The natural resonance triggered by a blow on a plate, resonating around the booming frequency, was a phenomenon previously undescribed in literature, according to Vriend, now affiliated with the University of Cambridge. The combined characteristics of burps and booms suggest that the sound produced by large dune avalanches falls between the spectrum of a child kicking sand at the beach and the seismic shifts causing major disasters.
3. Singing Spiders
Need a Ringo Starr for your jam band? Look no further than the “purring” wolf spider, Gladicosa gulosa. While many male wolf spiders are recognized for their mating calls involving leg vibrations against woodland debris, G. gulosa wolf spiders present a unique twist to this musical repertoire.
Beyond merely beating against their “drum,” these spiders generate an accompanying vibration, akin to a backup vocal, that gracefully travels through the air. However, the lead researcher, biologist Alexander L. Sweger, remains uncertain about the intentional nature of these secondary vibrations.
“They’re quiet — nothing on the order of crickets,” Sweger explained to Live Science. “We think this airborne sound is primarily a byproduct. As far as we can tell, they may not deliberately be producing a sound.”
4. A whale song for climate change
If you’re in the mood for a melancholic melody from the depths of the ocean, oceanographer Kathleen Stafford from the University of Washington has the perfect repertoire. Stafford’s team, conducting research at the Pacific and Arctic oceans’ boundary, has been capturing acoustic recordings of whale songs to trace their migratory patterns. Over five years, strategically placed hydrophones along this oceanic border have been eavesdropping on the vocalizations of seals, walruses, as well as fin, humpback, bowhead, and killer whales.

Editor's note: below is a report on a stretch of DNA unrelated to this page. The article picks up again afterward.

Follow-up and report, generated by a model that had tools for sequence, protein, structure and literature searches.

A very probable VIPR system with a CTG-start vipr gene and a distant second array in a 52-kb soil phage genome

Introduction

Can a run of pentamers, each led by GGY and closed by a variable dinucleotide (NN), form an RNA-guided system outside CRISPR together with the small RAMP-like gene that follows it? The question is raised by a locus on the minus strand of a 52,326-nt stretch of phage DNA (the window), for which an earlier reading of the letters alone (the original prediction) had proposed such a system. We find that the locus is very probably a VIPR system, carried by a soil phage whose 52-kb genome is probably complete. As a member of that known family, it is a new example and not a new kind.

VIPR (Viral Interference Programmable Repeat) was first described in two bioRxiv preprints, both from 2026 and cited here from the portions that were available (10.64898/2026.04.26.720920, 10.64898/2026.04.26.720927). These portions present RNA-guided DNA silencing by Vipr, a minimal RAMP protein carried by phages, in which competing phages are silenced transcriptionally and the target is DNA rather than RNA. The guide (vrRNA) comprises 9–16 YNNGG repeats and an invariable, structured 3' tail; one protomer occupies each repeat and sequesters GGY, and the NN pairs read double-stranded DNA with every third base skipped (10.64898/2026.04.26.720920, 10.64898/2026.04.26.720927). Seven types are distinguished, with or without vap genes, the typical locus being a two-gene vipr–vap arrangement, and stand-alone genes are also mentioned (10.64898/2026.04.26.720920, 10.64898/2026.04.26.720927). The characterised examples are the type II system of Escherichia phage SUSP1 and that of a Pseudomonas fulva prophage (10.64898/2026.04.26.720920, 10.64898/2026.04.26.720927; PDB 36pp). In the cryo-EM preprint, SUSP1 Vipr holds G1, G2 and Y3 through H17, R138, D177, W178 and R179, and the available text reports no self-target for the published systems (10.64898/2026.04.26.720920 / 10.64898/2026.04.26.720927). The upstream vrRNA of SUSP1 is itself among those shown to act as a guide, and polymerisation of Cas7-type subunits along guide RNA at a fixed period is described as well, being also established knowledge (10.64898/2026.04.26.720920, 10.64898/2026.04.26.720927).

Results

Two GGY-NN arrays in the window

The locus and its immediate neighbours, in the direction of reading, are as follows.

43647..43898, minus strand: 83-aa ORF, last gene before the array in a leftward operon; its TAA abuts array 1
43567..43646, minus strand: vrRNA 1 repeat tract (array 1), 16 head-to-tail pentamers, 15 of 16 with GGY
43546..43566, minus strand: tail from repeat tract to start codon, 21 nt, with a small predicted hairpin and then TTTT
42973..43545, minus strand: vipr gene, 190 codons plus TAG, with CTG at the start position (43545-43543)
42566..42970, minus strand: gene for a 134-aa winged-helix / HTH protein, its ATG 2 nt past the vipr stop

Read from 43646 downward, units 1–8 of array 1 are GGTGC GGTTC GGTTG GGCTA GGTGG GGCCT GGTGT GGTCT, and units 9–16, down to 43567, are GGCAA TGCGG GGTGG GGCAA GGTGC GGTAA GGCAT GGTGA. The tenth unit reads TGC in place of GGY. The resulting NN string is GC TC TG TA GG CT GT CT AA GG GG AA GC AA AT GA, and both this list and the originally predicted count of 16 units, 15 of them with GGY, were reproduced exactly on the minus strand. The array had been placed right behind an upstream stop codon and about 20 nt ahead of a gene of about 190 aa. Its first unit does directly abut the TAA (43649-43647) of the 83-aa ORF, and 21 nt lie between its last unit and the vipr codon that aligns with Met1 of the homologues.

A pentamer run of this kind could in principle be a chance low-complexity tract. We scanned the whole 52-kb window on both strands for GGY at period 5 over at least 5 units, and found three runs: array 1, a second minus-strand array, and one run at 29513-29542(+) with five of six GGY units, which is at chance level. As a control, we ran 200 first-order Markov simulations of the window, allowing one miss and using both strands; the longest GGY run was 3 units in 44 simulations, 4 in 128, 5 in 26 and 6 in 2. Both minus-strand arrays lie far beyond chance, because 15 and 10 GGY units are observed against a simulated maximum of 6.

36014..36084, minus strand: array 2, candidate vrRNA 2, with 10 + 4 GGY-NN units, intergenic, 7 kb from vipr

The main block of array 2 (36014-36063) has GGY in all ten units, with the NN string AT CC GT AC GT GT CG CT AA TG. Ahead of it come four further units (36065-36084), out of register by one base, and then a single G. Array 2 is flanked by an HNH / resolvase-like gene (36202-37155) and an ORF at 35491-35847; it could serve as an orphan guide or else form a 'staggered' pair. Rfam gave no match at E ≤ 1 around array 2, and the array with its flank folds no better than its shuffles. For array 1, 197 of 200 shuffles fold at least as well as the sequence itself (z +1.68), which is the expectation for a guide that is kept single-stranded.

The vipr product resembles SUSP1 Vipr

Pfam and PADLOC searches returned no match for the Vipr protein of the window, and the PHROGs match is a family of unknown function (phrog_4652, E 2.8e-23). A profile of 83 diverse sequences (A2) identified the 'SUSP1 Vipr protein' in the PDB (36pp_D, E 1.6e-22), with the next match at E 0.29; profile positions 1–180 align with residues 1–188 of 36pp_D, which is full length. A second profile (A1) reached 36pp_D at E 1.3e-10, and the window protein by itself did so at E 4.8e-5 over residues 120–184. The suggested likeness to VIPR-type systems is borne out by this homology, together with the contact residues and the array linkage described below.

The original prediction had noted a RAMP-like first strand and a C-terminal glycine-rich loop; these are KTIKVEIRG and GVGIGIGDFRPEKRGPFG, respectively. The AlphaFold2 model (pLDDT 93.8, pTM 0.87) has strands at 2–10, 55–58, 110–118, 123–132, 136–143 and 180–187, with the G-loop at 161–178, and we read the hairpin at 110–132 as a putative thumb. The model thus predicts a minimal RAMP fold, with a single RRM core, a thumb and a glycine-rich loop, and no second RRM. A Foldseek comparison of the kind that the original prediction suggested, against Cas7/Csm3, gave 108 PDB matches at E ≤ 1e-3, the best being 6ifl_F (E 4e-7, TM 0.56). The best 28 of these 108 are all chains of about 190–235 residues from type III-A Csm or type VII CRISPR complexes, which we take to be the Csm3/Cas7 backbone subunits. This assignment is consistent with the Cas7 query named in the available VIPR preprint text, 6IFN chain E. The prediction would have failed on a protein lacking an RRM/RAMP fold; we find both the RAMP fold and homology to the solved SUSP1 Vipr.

Using passive acoustic monitoring, the team can detect the continuous presence of vocalizing marine mammals, providing insights into their behaviors under various conditions. Stafford’s team has observed a climate-induced shift in whale habits. Male humpback whales, typically known for singing during tropical breeding grounds, now extend their autumnal serenades in the Chukchi Sea, north of the Bering Strait. Similarly, fin whales, which usually summer in the Arctic, have prolonged their stays. Killer whale calls have been irregularly recorded.
Stafford notes that while summer whales have historically ventured north of the Bering Strait, the current numbers and their presence in September, October, and November are unprecedented. Winter-loving bowhead whales, usually arriving after the departure of summer whales, are now reaching the region in the fall. As Arctic ice diminishes due to global warming, Stafford predicts increased overlap between seasonal species, leading to potential competition among the bowhead whales for food and territory.
Connecting to Nature in a Pandemic: Make an effort to really take a walk away from a city setting, for example in a city park, or on the beach or for a hike near you. Besides listening to the sounds around you and observing the sky from where you are, how about exploring your surroundings for what they’re known for.
There are many ways you can take ownership of reconnecting with nature, this blog aims to show you that through observing the sky, listening to faint but natural noises and sounds. And then finally immersing yourself in a natural environment near you and absorbing any little bit of life to help you appreciate nature.
Thanks for reading Connecting to Nature in a Pandemic.